Brighter Naming generally focuses on company and product names, and Jess Holden’s post on that site focused on the impact of peoples’ names. However, there’s another category where naming is crucial: creative works, such as books, movies, and TV shows.
If you don’t think naming is important here, ask yourself how much you’d shell out for a book or a movie called Mules in Horse Harness. (Hint: frankly, my dear, I don’t think you’d give a damn.)
1. The show’s star is named Russell Brand.
2. He works blue (X-rated).
3. Everybody remembers the TV commercials where the sponsors’ product (often a laundry detergent) always beat “Brand X”.
Or does everyone really remember the original Brand X commercials? Russell Brand is 37 (b. 1975), and I’m pretty sure he’s not aiming at an older demographic. When was the last time a genuine commercial featuring “Brand X” aired? Looks like “Brand X” has become a cultural meme, with a life of its own.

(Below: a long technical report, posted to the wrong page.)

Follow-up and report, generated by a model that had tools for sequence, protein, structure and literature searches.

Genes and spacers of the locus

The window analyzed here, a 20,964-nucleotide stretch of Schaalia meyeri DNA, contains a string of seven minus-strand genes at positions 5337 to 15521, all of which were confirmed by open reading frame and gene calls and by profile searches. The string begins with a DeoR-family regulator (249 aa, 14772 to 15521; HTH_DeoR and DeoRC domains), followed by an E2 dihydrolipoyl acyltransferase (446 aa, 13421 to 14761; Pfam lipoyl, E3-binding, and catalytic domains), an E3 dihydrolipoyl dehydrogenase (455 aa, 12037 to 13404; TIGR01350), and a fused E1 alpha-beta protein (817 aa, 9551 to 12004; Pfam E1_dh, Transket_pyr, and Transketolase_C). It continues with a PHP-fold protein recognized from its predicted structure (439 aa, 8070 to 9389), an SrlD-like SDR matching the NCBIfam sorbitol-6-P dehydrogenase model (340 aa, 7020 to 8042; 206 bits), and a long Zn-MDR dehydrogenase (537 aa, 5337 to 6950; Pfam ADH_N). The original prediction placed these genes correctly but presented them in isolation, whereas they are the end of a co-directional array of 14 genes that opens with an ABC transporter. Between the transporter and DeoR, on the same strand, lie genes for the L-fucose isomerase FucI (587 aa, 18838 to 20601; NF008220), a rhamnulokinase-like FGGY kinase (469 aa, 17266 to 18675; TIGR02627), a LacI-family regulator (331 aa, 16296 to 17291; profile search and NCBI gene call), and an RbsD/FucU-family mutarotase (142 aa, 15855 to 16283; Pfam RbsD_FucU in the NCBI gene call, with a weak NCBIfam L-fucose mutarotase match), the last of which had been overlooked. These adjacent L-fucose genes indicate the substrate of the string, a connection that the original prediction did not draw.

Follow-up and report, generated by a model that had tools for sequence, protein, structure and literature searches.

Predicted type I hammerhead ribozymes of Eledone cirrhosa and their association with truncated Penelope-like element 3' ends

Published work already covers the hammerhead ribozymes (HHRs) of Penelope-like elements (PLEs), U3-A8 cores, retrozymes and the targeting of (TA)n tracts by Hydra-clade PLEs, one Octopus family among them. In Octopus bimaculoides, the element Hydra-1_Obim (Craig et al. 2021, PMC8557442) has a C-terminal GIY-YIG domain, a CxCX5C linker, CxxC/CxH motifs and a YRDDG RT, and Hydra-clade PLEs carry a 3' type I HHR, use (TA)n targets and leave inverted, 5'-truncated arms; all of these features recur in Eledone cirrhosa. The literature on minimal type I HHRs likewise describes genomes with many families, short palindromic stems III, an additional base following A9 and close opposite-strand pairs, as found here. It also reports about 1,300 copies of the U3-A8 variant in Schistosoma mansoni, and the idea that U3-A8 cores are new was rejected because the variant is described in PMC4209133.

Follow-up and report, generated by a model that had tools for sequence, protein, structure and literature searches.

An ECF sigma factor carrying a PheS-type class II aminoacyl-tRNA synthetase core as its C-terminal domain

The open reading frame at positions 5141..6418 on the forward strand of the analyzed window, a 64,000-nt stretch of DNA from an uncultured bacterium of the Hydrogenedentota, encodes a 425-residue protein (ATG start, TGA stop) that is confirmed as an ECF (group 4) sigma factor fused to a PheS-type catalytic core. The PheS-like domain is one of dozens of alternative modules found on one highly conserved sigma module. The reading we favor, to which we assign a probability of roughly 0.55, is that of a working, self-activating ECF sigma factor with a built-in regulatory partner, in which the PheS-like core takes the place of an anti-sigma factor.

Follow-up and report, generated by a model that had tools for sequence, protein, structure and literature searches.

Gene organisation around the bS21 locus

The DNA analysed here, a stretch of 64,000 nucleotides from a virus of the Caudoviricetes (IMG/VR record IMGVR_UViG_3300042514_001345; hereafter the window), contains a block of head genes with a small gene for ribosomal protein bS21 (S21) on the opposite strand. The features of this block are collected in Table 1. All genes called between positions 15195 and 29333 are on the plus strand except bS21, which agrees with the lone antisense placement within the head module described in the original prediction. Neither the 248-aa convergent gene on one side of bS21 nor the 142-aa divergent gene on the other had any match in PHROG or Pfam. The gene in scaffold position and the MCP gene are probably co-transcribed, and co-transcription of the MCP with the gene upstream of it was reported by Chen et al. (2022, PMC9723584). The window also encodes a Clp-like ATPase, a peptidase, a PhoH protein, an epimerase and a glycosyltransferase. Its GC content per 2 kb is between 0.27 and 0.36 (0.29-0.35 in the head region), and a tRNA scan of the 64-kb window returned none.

Wish the same could be said of the show, which could more accurately be titled A British ‘Comedian’ Marginally Less Grating Than Ricky Gervais. (At least that would properly set viewer expectations.) In the bigger picture, I write off the likes of Brand X as an inevitable cost of business for a cable network that is trying to be really experimental, and pushing the envelope. FX also brings us the informatively-named American Horror Story, which brings its viewers…an American Horror Story. Name freaks should also get a kick out of the eponymous Louie—not for the title of the show, but for the very odd name of its star, Louis C.K.
My actual favorite on FX is the animated Unsupervised—which turns out to be much more than the Beavis and Butthead knockoff you’d expect.
Does FX have a good show with a multi-layered title? Anger Management assumes the viewers are in on the joke about star Charlie Sheen’s off-screen antics. IMO, he’s back in top form, giving a weekly clinic on comic timing.
Now, what did I do with that remote?